Security forces in Myanmar shot and killed at least four people on Saturday as they tried to put an end to demonstrations against the military's seizure of power in the country.
Three deaths were reported in Mandalay, the country's second-biggest city, and one in Pyay, a town in south-central Myanmar.
There were multiple reports on social media of the deaths, along with photos of dead and wounded people in both locations.
The independent UN human rights expert for Myanmar, Tom Andrews, said on Thursday that "credible reports'' indicated security forces in the Southeast Asian nation had so far killed at least 70 people.
He also cited growing evidence of crimes against humanity since the military overthrew the elected government of Aung San Suu Kyi.
Reports on social media also said three people were shot dead Friday night in Yangon, Myanmar's largest city, where residents for the past week have been defying an 8 p.m. curfew to protest.
Two deaths by gunfire were reported in Yangon's Thaketa township, where a protest being held outside a police station was dispersed. A crowd had gathered there to demand the release of three young men who were seized from their home earlier on Friday night. Photos said to be of the bodies of two dead protesters were posted online.
The other reported killing on Friday night was of a 19-year-old man shot in Hlaing township.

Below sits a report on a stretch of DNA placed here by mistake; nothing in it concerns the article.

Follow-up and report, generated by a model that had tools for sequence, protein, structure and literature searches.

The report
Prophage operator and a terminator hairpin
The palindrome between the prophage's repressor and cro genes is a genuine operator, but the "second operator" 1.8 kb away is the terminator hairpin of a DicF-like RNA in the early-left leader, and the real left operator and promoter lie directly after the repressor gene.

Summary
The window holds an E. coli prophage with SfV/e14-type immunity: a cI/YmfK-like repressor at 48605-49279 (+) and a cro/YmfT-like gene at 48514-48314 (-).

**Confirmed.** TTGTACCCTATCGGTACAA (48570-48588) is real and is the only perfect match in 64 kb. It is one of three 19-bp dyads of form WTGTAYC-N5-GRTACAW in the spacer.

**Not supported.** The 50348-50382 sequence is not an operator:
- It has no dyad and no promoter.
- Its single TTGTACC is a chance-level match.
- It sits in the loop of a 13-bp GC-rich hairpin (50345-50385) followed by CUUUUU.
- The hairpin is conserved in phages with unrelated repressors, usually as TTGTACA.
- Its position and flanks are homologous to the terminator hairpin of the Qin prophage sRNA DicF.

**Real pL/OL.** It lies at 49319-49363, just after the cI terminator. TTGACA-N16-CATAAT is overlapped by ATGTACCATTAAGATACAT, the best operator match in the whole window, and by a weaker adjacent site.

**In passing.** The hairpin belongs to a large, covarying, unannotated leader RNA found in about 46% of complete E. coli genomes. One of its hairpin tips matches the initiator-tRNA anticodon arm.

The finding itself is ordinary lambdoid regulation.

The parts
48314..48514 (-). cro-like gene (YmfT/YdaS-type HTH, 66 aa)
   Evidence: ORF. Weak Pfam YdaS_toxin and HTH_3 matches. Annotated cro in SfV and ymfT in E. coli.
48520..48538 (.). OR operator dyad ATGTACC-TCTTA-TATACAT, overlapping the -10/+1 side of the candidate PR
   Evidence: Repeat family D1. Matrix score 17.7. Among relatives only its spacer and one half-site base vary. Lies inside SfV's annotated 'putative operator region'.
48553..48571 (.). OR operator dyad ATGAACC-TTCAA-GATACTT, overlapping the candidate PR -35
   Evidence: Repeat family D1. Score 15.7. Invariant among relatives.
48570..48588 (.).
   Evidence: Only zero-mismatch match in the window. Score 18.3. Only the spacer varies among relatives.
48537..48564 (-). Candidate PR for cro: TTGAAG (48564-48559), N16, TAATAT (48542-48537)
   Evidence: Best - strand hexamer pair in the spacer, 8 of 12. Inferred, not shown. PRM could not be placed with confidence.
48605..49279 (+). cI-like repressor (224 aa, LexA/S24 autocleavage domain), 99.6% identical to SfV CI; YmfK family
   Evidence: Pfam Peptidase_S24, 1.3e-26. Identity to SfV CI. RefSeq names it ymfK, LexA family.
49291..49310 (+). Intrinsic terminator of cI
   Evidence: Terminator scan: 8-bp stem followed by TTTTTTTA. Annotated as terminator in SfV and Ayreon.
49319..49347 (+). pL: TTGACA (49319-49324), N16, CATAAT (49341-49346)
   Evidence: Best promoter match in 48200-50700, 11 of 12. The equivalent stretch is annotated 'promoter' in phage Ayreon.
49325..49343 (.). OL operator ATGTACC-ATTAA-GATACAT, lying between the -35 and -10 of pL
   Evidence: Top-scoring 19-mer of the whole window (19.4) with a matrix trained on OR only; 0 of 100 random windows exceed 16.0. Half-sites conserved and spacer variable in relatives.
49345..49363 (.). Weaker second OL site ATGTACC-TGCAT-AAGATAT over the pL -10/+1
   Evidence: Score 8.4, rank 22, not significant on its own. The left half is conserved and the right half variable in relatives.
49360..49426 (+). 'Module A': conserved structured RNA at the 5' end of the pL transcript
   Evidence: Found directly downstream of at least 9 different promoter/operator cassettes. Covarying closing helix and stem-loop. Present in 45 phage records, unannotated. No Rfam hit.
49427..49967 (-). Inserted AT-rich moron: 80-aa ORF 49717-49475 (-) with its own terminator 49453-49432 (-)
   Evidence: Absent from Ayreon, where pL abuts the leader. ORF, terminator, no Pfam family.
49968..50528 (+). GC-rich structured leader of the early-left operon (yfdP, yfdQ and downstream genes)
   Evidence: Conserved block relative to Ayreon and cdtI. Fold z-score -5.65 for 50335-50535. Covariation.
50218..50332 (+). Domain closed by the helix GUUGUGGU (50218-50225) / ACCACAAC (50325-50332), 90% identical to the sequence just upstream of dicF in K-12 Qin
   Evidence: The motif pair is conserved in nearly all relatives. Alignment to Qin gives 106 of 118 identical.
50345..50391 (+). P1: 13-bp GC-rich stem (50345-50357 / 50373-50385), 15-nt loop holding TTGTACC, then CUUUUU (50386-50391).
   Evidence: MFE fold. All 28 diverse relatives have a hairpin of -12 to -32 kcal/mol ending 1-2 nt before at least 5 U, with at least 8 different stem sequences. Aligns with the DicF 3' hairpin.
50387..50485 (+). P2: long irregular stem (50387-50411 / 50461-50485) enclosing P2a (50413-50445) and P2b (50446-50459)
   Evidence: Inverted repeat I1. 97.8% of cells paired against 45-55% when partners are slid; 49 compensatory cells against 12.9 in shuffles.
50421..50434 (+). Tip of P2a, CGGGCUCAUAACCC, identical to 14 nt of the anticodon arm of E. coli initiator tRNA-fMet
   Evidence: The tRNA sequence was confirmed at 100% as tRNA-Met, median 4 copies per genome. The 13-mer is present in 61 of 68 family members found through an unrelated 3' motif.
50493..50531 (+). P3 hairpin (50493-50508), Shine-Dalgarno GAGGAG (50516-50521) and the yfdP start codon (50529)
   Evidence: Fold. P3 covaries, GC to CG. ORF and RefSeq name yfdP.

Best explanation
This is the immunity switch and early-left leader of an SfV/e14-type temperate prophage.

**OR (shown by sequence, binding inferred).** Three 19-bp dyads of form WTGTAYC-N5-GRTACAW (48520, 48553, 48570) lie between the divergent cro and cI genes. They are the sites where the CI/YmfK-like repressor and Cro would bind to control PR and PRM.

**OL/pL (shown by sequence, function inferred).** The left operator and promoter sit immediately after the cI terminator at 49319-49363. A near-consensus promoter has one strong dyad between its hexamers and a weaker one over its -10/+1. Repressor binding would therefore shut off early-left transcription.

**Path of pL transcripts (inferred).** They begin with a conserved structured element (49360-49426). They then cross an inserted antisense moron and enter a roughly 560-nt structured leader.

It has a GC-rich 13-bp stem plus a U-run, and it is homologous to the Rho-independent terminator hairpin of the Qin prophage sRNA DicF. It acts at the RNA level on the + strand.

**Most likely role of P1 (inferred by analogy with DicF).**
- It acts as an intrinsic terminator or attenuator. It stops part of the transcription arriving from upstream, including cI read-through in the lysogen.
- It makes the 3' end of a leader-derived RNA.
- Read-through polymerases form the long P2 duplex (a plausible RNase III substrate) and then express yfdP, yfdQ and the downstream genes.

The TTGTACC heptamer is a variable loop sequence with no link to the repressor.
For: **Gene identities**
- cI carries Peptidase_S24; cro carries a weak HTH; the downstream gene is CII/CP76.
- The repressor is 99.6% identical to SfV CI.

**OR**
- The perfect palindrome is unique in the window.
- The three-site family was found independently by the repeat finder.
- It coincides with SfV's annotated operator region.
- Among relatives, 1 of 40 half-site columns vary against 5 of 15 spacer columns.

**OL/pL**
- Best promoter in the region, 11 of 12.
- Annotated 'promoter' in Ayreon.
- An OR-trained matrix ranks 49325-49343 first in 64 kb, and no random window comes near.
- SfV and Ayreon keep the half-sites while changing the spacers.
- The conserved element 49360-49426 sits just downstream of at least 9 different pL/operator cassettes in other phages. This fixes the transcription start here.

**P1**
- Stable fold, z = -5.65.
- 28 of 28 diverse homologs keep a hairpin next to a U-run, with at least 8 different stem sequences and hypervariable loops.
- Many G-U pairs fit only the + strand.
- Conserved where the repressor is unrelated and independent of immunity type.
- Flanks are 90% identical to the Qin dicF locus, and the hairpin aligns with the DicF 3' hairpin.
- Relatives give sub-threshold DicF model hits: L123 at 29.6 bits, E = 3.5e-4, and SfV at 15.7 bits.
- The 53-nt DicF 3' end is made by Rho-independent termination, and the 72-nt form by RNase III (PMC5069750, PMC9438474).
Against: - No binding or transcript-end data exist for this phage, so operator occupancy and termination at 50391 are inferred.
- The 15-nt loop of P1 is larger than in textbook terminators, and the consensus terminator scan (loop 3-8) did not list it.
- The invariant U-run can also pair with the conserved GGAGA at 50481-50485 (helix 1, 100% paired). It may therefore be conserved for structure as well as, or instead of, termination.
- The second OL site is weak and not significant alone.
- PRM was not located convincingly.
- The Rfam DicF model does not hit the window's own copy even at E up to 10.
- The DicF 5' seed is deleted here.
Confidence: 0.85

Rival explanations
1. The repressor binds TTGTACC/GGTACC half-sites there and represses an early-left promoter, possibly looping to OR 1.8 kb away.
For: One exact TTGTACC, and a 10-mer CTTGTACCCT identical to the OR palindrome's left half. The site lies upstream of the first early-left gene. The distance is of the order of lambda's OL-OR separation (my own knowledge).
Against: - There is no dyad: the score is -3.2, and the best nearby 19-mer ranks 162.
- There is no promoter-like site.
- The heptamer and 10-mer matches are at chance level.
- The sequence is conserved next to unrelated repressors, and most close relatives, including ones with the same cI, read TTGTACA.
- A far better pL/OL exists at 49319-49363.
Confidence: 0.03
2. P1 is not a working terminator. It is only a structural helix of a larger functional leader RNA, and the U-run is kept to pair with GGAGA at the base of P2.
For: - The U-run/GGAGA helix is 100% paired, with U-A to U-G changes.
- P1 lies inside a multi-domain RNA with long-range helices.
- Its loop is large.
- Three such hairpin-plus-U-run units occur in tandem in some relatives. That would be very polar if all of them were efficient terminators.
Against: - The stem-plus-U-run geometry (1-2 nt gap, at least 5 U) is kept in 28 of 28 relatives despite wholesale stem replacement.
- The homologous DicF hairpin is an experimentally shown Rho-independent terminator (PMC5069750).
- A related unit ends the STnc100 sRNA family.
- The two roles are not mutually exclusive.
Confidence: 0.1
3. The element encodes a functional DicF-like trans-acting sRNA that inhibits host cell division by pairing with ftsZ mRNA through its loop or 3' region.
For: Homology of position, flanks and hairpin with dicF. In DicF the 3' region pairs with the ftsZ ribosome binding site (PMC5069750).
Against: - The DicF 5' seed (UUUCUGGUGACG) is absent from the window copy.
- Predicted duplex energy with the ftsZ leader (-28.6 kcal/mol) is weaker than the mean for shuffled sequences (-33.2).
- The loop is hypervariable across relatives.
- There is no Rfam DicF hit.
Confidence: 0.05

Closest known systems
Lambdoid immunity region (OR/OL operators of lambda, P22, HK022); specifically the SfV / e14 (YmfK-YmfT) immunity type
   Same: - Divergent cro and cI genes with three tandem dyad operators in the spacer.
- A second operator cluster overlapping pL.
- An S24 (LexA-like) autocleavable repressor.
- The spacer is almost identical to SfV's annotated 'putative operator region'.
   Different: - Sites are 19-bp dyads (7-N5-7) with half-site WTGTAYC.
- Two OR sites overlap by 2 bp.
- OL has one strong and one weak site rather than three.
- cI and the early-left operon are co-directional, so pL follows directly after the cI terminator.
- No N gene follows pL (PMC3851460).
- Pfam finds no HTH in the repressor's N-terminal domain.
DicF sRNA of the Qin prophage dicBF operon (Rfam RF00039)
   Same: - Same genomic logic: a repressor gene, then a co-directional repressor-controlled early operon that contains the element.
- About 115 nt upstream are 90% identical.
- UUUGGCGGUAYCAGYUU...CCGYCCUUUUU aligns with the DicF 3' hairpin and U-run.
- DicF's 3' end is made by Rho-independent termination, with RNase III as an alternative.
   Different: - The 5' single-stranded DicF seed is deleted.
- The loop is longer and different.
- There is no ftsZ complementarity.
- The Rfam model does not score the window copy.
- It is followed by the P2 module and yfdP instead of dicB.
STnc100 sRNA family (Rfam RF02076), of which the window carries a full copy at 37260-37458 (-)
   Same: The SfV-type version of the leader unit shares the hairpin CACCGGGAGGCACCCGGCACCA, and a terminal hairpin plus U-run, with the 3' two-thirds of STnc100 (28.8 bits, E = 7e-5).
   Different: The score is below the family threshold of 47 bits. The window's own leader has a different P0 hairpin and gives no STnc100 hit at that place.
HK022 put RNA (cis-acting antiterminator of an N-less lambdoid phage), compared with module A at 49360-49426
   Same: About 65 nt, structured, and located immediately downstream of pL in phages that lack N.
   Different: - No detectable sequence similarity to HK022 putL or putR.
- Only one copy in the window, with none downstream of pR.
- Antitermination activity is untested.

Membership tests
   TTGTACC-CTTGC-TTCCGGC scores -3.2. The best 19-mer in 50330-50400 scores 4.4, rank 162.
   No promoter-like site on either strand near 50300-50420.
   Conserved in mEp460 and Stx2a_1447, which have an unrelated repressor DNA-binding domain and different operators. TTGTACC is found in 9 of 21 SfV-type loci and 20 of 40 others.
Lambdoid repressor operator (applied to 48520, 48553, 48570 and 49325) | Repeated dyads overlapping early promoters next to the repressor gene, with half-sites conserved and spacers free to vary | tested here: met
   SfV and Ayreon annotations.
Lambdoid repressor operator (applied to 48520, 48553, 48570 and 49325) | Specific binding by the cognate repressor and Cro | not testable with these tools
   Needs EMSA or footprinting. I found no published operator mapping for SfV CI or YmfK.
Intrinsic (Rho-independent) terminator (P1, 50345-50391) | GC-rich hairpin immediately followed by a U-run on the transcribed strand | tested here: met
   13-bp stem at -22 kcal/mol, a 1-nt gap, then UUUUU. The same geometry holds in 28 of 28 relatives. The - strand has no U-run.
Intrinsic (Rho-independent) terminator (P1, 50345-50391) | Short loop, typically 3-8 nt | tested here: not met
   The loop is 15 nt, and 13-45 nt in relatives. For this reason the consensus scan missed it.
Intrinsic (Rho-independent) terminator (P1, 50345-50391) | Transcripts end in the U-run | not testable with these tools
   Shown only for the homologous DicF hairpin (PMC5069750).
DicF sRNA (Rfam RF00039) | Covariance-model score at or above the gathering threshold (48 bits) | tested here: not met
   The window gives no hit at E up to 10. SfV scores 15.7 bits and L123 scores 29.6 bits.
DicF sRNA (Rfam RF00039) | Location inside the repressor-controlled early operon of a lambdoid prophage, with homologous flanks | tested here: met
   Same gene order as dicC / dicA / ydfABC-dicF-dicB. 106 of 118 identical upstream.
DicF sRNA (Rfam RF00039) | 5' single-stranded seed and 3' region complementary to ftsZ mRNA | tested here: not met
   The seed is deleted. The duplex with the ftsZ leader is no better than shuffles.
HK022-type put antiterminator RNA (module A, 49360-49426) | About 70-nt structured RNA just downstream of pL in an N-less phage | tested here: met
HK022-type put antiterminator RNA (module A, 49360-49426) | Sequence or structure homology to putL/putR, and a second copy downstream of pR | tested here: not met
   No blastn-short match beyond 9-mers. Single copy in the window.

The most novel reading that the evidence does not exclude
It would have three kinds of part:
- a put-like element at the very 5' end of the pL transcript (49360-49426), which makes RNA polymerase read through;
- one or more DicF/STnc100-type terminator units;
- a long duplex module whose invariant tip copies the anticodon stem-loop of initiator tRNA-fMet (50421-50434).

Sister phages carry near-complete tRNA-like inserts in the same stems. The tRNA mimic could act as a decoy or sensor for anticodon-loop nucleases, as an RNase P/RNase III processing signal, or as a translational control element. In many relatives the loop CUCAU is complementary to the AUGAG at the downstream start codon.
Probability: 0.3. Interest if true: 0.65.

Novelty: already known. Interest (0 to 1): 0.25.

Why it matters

The nighttime protests may reflect a more aggressive approach to self-defence by some protesters.
Police had been aggressively patrolling residential neighbourhoods at night, firing into the air and setting off stun grenades in an effort at intimidation.
They have also been carrying out targeted raids, taking people from their homes with minimal resistance. In at least two known cases, the detainees died in custody within hours of being taken away.
Another possible indication of heightened resistance emerged on Saturday with photos posted online of a railway bridge said to have been damaged by an explosive charge.
The bridge was described in multiple accounts as being on the rail line from Mandalay to Myitkyina, the capital of the northern state of Kachin. The photos show damage to part of a concrete support.
No one took responsibility for the action, but it could serve a two-fold purpose.
It could be seen as support for the nationwide strike of state railway workers, who are part of the civil disobedience movement against the coup.
At the same time, it could be aimed at disrupting the ability of the junta to reinforce its troops in Kachin, a state whose residents have long been at odds with the central government.
The Kachin ethnic minority fields its own well-trained and equipped guerrilla force, and there has been outrage in Myitkyina at security forces' killing of anti-coup protesters there.
The prospect of sabotage has been openly discussed by some protesters, who warn that they could blow up a pipeline supplying natural gas to China. They see China as being the junta's main supporter, even though Beijing has been mildly critical of the coup in its public comments.
The February 1 coup reversed years of slow progress toward democracy in Myanmar, which for five decades had languished under strict military rule that led to international isolation and sanctions.
Suu Kyi's National League for Democracy party led a return to civilian rule with a landslide election victory in 2015, and an even greater margin of votes last year. It would have been installed for a second five-year term last month, but instead Suu Kyi and President Win Myint and other members of the government were placed in military detention.